Changing coolant on 2015 DL1000. Any tips? - Stromtrooper Forum : Suzuki V-Strom Motorcycle Forums
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post #1 of 20 Old 09-01-2018, 11:24 PM Thread Starter
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Changing coolant on 2015 DL1000. Any tips?

I just changed my air filter and thought that while I'm messing around I may as well change my coolant. (It's only a bit over three years but over 91,000 miles/147,00 km so it is more than due.

It looks pretty straightforward based on the shop manual.

I'm going to grab some Glycol based aluminum compatible coolant, ideally long life. The manual shows the bolts etc to doi and mentions moving the bike back left an right to get rid of bubble,etc.

Any other tips?

Thanks,

..Tom

2006 DL650: 202,000 km 125,500 miles, Sold
2012 DL650 139,500+ km, 86,700+ miles. Sold
2015 DL1000 New July 2015 195,000+ km, 121,000 miles.

This can help preventing from cars pulling out in front of you (SMIDSY)
SMIDSY detailed report.


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post #2 of 20 Old 09-01-2018, 11:51 PM
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I imagine it is like the Gen 1 I had. Mine burped a bubble out a few times when I rode it and I had to add coolant twice. Then all settled down. My shop manual had a procedure for burping, which I forgot and I gave the manual to my buddy who has the bike now.
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post #3 of 20 Old 09-01-2018, 11:56 PM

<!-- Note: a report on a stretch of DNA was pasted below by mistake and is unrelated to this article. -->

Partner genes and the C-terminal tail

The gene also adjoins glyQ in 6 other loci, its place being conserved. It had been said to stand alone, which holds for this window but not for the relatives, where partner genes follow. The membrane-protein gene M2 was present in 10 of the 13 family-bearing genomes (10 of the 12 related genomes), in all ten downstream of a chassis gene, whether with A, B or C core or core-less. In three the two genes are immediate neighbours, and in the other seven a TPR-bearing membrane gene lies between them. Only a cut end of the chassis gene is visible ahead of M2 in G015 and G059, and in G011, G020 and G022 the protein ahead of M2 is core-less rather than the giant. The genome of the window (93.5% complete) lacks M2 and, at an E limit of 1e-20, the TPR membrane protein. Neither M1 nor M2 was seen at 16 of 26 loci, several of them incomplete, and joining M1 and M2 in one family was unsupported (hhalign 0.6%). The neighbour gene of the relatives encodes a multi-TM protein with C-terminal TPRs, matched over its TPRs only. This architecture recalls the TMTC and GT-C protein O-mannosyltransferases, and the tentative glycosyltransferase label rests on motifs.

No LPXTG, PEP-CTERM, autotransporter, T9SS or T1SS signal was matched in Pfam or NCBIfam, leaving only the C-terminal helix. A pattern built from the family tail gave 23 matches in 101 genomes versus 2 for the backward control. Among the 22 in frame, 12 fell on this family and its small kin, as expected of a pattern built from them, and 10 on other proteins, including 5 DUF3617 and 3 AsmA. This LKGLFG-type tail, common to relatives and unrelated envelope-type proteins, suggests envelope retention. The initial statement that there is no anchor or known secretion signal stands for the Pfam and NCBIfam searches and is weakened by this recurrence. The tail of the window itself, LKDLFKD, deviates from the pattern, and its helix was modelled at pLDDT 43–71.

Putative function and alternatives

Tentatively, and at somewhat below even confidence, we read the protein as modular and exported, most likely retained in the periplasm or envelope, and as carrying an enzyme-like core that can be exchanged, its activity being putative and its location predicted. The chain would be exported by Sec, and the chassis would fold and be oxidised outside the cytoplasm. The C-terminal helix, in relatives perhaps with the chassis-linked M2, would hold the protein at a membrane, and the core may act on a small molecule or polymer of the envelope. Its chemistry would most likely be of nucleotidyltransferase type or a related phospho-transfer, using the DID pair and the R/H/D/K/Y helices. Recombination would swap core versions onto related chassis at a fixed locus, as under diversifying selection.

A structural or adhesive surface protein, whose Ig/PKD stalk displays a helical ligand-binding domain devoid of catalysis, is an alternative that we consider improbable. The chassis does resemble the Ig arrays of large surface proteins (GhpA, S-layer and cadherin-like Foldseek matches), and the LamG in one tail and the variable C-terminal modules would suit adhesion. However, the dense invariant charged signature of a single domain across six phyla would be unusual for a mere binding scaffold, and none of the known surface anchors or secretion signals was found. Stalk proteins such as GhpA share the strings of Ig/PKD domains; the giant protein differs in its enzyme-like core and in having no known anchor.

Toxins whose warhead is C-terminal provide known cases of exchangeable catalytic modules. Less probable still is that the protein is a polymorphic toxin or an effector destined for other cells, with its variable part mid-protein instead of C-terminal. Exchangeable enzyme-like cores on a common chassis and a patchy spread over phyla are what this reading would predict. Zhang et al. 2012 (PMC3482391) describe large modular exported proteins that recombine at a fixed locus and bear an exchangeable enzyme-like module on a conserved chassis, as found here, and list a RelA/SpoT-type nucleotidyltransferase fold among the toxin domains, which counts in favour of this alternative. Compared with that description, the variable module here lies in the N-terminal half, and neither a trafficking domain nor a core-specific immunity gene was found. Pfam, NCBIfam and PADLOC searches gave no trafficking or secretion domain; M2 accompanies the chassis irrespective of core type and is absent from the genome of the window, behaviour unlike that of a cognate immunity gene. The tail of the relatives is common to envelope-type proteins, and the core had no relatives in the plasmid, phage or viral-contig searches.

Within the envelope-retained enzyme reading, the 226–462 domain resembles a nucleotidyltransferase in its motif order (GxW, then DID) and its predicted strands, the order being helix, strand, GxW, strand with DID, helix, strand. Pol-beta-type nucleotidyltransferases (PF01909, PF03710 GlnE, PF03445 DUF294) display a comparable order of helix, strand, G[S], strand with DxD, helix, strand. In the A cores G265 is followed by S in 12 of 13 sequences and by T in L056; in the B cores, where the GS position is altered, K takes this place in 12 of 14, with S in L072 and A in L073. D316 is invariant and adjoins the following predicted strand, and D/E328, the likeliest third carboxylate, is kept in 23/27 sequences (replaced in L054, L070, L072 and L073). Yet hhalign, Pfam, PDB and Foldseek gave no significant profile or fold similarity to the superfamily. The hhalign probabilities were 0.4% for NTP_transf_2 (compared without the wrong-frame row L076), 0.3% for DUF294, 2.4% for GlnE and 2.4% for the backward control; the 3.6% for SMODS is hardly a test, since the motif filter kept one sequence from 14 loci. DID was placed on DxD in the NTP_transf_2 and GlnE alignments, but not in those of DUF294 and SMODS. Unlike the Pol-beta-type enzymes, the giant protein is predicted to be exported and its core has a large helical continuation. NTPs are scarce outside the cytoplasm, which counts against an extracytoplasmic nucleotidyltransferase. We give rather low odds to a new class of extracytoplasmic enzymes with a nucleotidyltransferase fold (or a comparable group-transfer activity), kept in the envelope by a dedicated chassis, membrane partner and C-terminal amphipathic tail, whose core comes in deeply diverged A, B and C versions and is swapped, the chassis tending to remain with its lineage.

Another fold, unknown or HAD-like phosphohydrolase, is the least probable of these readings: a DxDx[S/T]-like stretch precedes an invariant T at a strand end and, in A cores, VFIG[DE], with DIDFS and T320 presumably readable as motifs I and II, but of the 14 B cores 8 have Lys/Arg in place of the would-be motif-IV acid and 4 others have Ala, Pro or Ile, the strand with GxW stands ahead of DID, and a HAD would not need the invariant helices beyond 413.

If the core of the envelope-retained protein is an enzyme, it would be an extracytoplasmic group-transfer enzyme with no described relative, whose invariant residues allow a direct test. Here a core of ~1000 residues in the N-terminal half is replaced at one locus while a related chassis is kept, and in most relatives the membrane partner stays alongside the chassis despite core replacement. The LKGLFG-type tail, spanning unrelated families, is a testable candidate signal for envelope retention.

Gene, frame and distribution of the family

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V-Tom, when doing cooling system service on motorcycles I usually use Subaru Pre-Mix Coolant. Made for all aluminum engines, simplifies filling as there is no need to mix with water. Subaru also has a long-Life coolant, as does Mazda--5-year/60K miles and it works equally well. I use one or the other.
The manual's procedure is pretty simple, but I do this also:
In addition to any air-bleed bolts, I remove the coolant hose from the highest coolant port on the engine to bleed out more air, and sometimes add coolant to the open hose before reattaching to the engine port.
Run the engine til warm with a clean drain pan under the radiator/engine area. If it starts pushing coolant out of the radiator, you'll have that drained coolant to pour back in. If it really starts bubbling out, stop the engine and let the coolant level settle down, about 10 minutes. Restart the engine and repeat the filling/bleeding procedure. Install the radiator cap. Run the engine until the radiator cooling fan cycles on and off at least twice and watch the temp gauge. if the fan doesnt come on, you may have to power and ground the cooling fan motor, or jump the fan relay to get the fan to operate. I say this because on the way back from Deals Gap last in '17, I was stuck in traffic for over an hour, ambient temperature shown on my my ambient temp gauge was 116F...and my fan never came on and my coolant gauge never went above 3 bars. Once your sure the system is full and as hot as it will get, shut the engine off and let it sit for 30-60 minutes. Remove the radiator cap, fill the rest of the way, replace the cap, loosen the bleeder bolt and squeeze a radiator hose to remove bubbles, keep it squeezed as you tighten the bleeder. Then again remove the cap, and fill the radiator and bring the coolant reservoir up to the correct level. Done!! Have fun!